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Would A Third Party Do Better?

In 1992, Texas billionaire Ross Perot cut a deal with the American people: Get him on the ballot in 50 states and he would run for president. "If you're dead serious, then I want to see some sweat," Perot said. His frank Texas talk about the federal budget, lobbying reform, and fair trade hit home, and soon the independent was leading incumbent George H. W. Bush and newcomer Bill Clinton in the polls. He was the candidate who would "lift the hood in Washington and fix things," says Walter Stone, a political science professor at the University of California-Davis. "In the American political culture, Washington is always a symbol for what you're not."

Ending up with 18.9 percent of the vote, Perot was considered successful because he singled out issues that Washington--and his competitors from the two major parties--had forgotten about, and he reminded Americans of their importance. "Perot really promulgated a set of ideas that drew people to him," says Ronald Rapoport, a government and public policy professor at the College of William and Mary.

Stereotypes. Perot had precedent in using Washington's negative stereotype to gain support for a third party. In 1980, John Anderson, an Illinois representative who failed to clinch the GOP nomination, ran his "National Unity Campaign" on the idea that the political parties had picked the wrong person.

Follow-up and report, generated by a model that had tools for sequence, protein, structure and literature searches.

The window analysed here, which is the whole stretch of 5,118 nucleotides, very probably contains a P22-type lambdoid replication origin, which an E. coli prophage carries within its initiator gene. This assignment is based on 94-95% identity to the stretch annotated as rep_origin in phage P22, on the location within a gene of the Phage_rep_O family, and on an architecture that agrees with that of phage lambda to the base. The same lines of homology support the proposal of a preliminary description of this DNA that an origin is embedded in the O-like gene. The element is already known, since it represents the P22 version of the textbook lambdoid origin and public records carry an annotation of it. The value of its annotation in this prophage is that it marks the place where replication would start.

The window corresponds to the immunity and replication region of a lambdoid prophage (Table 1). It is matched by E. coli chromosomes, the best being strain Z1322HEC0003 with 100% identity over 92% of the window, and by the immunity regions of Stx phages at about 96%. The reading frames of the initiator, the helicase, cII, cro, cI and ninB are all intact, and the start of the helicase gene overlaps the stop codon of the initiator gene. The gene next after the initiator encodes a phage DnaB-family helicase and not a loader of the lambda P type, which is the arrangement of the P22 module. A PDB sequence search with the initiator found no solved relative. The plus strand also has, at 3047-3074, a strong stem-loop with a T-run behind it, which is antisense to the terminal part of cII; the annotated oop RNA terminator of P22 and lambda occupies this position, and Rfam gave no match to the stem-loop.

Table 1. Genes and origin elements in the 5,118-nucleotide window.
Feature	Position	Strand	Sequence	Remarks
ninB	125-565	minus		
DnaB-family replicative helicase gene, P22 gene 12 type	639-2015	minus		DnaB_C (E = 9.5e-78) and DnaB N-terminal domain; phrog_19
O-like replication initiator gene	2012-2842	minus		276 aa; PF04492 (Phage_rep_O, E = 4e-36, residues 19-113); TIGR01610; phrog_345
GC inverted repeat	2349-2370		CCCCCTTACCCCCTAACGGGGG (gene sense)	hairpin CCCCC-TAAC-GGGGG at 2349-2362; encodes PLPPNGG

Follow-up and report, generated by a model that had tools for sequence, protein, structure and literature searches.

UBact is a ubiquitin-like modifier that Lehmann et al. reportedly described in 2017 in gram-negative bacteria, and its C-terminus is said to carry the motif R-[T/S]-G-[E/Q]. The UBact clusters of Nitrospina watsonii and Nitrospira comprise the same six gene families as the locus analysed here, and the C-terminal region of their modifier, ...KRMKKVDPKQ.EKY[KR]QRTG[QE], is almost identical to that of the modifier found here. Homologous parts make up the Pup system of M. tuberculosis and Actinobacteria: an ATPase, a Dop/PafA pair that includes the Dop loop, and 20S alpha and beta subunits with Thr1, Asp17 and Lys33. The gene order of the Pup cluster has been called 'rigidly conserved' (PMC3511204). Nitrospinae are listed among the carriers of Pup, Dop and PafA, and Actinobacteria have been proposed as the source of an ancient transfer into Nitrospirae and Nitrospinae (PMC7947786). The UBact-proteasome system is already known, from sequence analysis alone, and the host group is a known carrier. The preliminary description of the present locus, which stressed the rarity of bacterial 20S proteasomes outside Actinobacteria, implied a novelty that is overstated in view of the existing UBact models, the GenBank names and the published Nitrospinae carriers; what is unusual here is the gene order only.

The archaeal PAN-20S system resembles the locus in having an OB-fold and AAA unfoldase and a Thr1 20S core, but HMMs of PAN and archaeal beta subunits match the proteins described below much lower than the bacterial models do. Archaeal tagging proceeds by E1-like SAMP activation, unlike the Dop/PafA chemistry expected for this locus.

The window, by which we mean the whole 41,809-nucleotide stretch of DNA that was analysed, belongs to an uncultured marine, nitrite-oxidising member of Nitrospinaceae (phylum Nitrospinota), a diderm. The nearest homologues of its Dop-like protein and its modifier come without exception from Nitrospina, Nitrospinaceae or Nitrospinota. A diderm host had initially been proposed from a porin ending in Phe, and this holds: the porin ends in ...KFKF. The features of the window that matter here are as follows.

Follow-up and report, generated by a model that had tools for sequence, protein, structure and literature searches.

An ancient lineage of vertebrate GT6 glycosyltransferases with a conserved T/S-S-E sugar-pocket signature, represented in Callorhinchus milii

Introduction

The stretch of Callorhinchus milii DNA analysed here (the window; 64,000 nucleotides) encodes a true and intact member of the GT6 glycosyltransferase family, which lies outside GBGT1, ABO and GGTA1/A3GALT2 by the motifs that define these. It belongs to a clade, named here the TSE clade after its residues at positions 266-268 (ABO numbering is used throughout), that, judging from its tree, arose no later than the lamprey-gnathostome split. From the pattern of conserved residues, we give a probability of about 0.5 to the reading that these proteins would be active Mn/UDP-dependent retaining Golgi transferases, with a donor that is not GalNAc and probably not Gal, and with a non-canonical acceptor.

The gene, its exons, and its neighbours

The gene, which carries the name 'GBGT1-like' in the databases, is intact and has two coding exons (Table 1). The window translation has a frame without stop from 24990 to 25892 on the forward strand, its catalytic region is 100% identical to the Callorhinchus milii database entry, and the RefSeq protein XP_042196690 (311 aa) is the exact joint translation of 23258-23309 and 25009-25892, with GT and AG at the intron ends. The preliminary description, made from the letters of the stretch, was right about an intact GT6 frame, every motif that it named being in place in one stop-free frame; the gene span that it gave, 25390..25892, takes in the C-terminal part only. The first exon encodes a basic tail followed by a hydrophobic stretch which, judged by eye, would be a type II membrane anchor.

"With all the hard choices that confront us in 1980, we do have one easy choice: the rejection of both Jimmy Carter and Ronald Reagan," Anderson said. But without a prominent issue, he ended up with just 6.6 percent of the vote. By contrast, in 1948, South Carolina Gov. Strom Thurmond won support from four states--39 electoral votes--with a Dixiecrat campaign that berated the "anti-southern bureaucrats in Washington." While he called his main issue "states' rights," others called it racism, and Thurmond rallied southern supporters against integration.

In 1912, already having served two terms in the Oval Office, Theodore Roosevelt returned to politics as an outsider to run against his Republican successor as a member of the Progressive Party. "We and we alone, stand for the real right of the people to rule their own government," Roosevelt said of the Progressives. But even a once popular president spouting a reformist message could not win the White House. "Unless both major parties screw up, it's very hard for a third party to be successful," says Rapoport. Even if they have the right message.

By Nikki Schwab

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